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The shoes has a sole with a lot of gaps unlike most shoes that have a sole that's filled. What the adjective for saying there's no gap or empty space, and what's the adjective for saying the exact opposite?

For example:

The sole of my shoe was ___.


Although it's general, because it applies to more than just soles of shoes, I would use the word hollow:

2 : having an unfilled or hollowed-out space
// within a hollow tree

In other words:

The sole of my shoe was hollow.

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    A hollow sole would imply that there isn't a center layer of the shoe to most people, not that the sole has treads. – pboss3010 Jul 5 '19 at 16:00
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    I agree with pboss3010, a hollow sole implies there isn't a filling inside the sole. – Ron Jensen - We are all Monica Jul 6 '19 at 5:32

Within the footwear industry itself, this is called a lug tread. One of the definitions of lug is "a ridge (as on the bottom of a shoe) to increase traction."

However, while you will find the phrase "lug tread" used in customer-facing advertisements (for example, here is an ad for a "Women's genuine leather lace-up boot with a lug tread rubber sole"), I would not say that it's commonly used in everyday speech. More frequently you'd hear people saying that a shoe has a deep tread or a deep-cut tread.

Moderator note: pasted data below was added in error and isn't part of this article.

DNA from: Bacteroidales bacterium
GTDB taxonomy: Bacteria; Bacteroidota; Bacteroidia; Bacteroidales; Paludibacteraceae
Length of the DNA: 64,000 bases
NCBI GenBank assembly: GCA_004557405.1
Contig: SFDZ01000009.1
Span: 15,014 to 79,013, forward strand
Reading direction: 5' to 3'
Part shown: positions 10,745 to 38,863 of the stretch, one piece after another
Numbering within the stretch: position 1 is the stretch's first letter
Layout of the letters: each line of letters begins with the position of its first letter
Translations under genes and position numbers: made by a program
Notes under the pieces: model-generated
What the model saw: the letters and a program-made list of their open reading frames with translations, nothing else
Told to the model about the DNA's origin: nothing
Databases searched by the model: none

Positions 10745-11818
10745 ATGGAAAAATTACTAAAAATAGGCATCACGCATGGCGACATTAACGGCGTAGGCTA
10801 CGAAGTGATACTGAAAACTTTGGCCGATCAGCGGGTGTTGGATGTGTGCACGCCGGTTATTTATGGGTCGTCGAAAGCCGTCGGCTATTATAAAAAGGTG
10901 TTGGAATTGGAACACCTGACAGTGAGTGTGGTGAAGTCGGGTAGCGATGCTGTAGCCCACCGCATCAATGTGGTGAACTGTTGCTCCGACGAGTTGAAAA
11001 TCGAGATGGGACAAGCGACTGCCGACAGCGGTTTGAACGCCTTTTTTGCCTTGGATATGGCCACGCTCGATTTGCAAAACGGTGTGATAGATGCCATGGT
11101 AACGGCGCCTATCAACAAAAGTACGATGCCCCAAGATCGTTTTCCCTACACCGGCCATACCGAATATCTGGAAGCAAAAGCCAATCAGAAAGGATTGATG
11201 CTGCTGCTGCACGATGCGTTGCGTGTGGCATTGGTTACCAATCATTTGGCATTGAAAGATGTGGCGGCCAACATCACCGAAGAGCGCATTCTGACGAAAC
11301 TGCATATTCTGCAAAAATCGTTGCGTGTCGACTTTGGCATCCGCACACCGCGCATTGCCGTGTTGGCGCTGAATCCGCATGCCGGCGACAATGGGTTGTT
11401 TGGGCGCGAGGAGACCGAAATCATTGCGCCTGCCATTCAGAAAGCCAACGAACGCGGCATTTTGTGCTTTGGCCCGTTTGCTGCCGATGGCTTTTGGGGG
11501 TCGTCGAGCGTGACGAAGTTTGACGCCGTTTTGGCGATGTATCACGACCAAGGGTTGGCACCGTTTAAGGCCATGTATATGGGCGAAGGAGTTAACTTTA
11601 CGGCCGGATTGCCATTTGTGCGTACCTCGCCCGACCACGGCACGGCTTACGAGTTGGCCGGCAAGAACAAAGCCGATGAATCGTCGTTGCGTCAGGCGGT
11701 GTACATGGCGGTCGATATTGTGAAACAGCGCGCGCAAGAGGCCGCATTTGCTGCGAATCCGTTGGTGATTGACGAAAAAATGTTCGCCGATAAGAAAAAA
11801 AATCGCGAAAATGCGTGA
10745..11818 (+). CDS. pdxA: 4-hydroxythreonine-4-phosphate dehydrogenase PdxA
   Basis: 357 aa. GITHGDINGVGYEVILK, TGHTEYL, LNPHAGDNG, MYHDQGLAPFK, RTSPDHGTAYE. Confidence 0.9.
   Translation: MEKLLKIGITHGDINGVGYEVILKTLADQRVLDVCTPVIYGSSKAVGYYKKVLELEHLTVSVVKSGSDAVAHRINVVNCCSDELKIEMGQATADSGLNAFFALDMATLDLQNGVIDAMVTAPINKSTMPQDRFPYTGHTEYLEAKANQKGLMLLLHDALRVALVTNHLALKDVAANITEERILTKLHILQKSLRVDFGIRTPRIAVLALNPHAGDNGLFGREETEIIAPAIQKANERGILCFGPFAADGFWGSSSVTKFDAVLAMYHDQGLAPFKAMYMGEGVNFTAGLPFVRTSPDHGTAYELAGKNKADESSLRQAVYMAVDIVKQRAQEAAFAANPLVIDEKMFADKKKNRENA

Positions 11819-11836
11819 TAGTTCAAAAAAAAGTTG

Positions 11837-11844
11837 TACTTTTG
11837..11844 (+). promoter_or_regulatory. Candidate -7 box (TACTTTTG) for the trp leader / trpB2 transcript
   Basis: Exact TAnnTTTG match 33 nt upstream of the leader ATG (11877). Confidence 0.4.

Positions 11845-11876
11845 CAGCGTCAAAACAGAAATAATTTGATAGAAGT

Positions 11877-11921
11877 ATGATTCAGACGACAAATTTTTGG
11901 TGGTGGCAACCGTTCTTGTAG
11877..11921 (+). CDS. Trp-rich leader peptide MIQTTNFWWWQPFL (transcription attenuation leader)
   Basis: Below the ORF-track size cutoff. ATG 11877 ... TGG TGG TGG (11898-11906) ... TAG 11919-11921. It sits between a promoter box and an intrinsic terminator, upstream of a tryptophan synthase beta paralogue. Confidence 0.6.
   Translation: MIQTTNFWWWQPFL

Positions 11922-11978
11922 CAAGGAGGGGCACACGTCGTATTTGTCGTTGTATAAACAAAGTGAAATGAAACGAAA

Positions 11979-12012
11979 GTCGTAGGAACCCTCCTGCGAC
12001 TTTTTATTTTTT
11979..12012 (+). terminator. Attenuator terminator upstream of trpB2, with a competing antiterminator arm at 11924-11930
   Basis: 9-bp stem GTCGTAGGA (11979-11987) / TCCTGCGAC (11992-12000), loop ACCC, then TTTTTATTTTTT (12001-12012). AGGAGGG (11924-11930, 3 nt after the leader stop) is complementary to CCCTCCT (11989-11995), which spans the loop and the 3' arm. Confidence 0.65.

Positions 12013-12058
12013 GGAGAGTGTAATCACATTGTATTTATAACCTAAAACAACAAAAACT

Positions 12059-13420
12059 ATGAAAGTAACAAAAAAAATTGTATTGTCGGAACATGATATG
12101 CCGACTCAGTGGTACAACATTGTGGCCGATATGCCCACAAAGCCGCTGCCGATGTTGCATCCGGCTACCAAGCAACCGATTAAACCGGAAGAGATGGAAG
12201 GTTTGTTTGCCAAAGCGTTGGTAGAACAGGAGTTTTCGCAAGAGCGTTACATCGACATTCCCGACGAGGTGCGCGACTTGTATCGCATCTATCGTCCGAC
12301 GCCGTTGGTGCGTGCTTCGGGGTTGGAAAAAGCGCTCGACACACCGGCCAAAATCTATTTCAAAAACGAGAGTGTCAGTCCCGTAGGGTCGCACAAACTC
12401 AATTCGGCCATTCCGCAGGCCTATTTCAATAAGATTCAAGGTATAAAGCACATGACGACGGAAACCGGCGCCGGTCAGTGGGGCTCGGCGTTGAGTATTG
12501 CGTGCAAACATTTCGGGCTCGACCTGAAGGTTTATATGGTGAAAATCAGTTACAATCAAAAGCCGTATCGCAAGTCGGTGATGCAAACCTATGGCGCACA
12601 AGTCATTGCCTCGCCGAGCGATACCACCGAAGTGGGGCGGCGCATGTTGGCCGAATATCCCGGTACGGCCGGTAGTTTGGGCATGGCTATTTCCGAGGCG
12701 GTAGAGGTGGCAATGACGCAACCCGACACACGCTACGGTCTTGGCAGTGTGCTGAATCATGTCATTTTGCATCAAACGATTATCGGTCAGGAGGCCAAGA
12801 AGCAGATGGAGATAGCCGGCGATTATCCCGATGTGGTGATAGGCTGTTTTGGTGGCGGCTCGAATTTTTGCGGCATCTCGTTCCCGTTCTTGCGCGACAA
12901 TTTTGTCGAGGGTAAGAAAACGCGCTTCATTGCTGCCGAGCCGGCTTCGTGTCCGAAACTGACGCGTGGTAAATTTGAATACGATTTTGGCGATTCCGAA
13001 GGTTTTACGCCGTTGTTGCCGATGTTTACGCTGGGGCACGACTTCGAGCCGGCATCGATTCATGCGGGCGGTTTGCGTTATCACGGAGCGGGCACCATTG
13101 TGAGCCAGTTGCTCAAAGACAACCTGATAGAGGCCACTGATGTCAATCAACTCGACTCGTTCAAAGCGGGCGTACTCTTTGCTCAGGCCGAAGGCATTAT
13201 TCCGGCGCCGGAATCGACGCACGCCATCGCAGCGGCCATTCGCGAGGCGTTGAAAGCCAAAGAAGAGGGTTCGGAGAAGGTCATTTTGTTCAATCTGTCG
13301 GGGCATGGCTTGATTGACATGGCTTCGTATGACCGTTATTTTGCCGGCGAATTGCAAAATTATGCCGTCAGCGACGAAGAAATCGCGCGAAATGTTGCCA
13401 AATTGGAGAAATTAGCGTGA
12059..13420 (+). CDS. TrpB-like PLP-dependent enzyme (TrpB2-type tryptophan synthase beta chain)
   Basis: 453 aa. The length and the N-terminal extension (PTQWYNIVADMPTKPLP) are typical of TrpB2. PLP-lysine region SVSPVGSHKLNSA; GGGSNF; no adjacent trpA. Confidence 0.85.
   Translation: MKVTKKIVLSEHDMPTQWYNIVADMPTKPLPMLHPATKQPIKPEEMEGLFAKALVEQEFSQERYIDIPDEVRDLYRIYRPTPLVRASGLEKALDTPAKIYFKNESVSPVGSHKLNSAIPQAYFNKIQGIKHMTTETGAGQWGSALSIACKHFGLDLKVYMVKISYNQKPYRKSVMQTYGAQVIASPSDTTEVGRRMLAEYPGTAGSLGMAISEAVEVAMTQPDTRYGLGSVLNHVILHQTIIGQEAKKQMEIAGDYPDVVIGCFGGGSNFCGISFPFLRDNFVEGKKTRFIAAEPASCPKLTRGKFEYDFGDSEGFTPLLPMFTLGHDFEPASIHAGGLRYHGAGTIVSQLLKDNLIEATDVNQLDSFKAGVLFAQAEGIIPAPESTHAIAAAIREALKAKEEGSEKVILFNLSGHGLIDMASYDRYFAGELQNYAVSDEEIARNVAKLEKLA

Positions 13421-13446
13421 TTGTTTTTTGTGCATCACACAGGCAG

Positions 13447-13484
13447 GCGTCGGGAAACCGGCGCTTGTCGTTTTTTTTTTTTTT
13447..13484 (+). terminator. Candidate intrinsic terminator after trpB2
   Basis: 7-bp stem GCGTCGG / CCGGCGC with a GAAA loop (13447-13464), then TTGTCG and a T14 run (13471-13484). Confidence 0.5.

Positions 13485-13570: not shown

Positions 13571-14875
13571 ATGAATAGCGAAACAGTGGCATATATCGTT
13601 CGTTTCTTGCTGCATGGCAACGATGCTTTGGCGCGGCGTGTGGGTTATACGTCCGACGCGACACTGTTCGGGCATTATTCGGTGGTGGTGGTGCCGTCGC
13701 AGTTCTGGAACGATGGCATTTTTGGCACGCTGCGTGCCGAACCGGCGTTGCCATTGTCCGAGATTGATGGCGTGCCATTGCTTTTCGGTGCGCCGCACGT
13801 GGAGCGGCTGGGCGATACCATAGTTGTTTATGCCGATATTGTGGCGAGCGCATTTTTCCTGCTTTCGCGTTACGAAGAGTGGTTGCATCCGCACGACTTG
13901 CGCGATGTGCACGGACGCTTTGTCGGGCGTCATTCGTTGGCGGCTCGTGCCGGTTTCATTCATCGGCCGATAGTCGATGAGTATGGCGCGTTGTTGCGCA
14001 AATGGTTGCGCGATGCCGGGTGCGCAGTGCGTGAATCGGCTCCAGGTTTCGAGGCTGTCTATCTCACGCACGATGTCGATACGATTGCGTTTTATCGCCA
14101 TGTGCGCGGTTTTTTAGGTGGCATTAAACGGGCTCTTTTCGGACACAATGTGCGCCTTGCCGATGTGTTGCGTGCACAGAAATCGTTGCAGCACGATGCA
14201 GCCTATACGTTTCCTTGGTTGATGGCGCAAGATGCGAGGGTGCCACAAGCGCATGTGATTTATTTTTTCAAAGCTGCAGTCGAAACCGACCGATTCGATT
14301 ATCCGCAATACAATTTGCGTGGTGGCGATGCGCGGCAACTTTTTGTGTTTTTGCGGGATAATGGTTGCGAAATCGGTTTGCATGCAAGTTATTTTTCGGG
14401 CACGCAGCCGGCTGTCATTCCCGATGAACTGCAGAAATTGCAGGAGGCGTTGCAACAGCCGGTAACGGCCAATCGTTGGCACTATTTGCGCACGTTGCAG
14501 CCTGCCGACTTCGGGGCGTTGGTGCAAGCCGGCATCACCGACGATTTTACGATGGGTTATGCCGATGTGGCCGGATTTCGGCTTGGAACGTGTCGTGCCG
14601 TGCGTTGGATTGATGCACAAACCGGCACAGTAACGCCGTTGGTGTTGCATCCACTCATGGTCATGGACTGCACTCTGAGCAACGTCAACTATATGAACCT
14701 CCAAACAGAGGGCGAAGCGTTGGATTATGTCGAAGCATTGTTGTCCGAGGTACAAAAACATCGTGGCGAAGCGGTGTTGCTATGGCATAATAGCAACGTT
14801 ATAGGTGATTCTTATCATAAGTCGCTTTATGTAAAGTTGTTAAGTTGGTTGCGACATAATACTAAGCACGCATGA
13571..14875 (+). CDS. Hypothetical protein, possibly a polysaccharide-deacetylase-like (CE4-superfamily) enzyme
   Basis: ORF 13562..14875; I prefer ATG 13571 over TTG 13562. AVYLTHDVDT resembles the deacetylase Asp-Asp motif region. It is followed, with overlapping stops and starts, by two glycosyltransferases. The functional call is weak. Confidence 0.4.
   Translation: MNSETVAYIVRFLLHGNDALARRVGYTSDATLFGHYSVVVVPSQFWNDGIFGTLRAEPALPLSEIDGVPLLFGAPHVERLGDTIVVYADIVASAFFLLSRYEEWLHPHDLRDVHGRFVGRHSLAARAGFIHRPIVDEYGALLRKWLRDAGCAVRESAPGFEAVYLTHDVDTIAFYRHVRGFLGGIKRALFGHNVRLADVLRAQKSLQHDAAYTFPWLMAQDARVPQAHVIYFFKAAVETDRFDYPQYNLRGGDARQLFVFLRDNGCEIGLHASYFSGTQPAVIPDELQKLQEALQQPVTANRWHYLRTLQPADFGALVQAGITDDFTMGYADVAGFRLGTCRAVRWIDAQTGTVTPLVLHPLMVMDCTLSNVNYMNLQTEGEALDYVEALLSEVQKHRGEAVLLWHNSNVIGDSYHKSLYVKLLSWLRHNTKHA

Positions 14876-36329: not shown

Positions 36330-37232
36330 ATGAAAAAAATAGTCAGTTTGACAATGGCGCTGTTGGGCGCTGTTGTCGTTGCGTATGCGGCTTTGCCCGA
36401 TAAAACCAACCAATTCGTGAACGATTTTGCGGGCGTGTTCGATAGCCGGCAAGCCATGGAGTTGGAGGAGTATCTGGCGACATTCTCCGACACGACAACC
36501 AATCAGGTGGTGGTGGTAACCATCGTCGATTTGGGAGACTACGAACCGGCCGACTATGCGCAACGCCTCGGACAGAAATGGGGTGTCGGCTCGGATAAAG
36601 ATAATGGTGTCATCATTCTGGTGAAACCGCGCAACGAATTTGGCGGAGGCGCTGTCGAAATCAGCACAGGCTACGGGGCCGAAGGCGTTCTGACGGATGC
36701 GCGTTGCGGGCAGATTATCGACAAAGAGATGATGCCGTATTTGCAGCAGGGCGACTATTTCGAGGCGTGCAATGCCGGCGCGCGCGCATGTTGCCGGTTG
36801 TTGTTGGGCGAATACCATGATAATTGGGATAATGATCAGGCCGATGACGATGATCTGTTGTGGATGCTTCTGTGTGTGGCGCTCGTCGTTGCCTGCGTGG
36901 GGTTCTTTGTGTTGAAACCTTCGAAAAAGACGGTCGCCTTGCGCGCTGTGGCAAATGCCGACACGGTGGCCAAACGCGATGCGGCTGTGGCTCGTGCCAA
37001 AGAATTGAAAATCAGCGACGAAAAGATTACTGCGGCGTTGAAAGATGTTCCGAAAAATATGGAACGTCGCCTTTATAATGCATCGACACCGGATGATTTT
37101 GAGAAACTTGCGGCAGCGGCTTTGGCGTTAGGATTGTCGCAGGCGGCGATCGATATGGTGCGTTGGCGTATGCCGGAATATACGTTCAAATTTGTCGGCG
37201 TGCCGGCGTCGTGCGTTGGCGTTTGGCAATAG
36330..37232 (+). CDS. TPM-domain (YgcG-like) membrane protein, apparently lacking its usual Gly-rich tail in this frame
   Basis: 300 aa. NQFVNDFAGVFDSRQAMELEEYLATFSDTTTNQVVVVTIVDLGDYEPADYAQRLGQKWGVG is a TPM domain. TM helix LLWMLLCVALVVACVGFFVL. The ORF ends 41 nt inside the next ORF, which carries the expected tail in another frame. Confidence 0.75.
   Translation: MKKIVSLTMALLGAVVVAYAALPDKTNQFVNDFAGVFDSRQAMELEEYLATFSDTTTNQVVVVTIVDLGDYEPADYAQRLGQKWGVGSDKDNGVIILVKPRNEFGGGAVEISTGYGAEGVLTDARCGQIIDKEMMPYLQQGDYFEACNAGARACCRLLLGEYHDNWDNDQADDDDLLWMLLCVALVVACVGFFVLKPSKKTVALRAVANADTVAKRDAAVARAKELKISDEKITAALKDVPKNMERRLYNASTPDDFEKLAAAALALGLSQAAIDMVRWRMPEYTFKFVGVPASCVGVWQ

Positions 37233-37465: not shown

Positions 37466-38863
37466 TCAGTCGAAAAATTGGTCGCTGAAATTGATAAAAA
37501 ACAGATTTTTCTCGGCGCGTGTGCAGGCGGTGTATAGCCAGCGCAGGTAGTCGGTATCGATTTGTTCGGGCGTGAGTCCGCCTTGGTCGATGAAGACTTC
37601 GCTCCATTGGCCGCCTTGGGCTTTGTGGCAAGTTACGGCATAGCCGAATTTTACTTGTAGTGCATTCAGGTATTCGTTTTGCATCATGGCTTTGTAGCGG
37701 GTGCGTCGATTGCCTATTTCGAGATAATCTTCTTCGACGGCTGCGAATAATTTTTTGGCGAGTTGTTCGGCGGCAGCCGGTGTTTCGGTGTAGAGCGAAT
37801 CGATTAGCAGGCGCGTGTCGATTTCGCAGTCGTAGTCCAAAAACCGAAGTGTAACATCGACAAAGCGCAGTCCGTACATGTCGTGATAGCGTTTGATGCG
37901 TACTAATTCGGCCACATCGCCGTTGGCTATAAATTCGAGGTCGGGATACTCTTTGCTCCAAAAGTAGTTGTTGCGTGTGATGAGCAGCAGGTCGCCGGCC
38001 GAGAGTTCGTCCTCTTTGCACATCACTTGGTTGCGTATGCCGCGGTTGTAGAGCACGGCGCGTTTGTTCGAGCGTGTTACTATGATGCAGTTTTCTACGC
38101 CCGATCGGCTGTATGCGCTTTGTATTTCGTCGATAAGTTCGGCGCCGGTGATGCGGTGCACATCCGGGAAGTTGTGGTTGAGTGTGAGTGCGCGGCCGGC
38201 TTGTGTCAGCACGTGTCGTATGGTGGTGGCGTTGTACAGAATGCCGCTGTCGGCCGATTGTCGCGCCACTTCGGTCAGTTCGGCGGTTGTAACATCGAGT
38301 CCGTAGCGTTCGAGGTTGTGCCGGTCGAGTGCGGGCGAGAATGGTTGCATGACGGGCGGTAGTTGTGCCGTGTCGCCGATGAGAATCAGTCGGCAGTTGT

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  • This is a much better answer than the currently-accepted answer. – J.R. Jul 11 '19 at 11:43

I would use "tread."

The soles of my shoes had deep treads molded into them.

Edit: and I would use the word "smooth" for not-filled.

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    Not sure why it was downvoted. – blackbird Jul 5 '19 at 0:03
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    I like this answer. As an adjective, one could use treaded (or deeply-treaded, if need be). – J.R. Jul 5 '19 at 11:11

An appropriate word could be “reticulated”.

reticulate (verb) divide or mark (something) in such a way as to resemble a net or network: the numerous canals and branches of the river reticulate the plain. (Oxford)

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  • Cool word, but, when applied to footwear, reituclated typically refers to the breathable fabric of the shoe material, not to the pattern on the sole. (See the reticulated Nike Zoom, e.g.) – J.R. Jul 5 '19 at 11:18

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